14 November 2003

After seeing Master and Commander: The Far Side of the World, I'll have to concede that all the things I admire about Tom Cruise (his obsession with quality control, his shrewd way of choosing projects, and his willingness to take on challenging parts with great directors) apply equally, and perhaps with more reason, to Russell Crowe. Crowe is by far the better actor, of course, and his recent string of home runs is almost as impressive as Cruise's: L.A. Confidential, The Insider, Gladiator, and A Beautiful Mind are filled with enough energy and versatility for an entire career...and they were made over a period of just under five years or so. Even Proof of Life was tough, intelligent, and satisfying as long as Crowe was onscreen.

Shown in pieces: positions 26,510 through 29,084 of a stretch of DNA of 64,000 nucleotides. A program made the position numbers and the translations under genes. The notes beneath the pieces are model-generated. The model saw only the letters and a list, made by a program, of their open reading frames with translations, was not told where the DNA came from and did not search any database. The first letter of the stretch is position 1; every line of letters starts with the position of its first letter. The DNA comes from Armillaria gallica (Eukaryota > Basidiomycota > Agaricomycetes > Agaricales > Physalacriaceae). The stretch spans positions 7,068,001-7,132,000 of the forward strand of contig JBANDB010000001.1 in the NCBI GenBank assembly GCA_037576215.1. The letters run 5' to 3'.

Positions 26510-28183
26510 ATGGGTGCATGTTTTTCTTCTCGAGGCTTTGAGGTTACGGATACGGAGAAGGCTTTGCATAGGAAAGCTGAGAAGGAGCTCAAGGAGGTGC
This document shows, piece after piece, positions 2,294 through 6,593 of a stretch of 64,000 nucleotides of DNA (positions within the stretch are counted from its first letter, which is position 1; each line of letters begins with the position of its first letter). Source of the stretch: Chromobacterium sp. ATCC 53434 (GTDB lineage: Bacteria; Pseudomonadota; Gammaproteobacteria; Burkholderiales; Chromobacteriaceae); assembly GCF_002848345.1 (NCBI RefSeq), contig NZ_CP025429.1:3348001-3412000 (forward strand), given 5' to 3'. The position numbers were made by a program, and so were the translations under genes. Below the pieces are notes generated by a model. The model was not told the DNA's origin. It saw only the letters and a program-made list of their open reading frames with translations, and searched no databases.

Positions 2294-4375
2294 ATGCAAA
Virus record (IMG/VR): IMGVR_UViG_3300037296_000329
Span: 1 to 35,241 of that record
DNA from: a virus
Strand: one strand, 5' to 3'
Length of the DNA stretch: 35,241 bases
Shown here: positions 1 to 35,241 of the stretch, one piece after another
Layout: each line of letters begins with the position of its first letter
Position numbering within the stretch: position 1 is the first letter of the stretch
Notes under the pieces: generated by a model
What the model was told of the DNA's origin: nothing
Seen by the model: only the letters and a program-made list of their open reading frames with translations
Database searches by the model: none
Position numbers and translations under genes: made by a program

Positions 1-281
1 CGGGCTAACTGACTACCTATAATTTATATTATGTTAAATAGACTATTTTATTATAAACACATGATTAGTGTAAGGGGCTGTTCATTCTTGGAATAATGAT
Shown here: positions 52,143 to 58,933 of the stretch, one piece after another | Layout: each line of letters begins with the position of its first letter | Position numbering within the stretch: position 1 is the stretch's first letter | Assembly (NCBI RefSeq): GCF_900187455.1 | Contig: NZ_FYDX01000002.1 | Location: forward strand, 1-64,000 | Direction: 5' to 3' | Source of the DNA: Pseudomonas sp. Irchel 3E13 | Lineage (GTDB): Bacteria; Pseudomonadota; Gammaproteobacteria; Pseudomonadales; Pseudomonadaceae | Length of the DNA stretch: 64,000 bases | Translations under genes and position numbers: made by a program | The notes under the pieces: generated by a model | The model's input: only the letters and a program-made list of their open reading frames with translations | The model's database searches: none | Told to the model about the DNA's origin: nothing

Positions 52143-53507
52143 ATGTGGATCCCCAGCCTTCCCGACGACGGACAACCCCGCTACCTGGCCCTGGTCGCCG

And Master and Commander is so deeply satisfying, so well-crafted and lean, that I can barely believe that it was made for $120 million. It may be the most impressive $100 million+ blockbuster ever made, and just about the only one with a good story. Most "epic" films, even the great ones, suffer from an indifferent script or characterization; I loved Gangs of New York, for example, but not because I cared about (or knew) what was happening, or why. Master and Commander is so tightly constructed and written, by contrast, that it would seem like the most expensive novella ever made, if it weren't so rich with detail and incident. The only worthy comparison is with Bridge On the River Kwai. See it.

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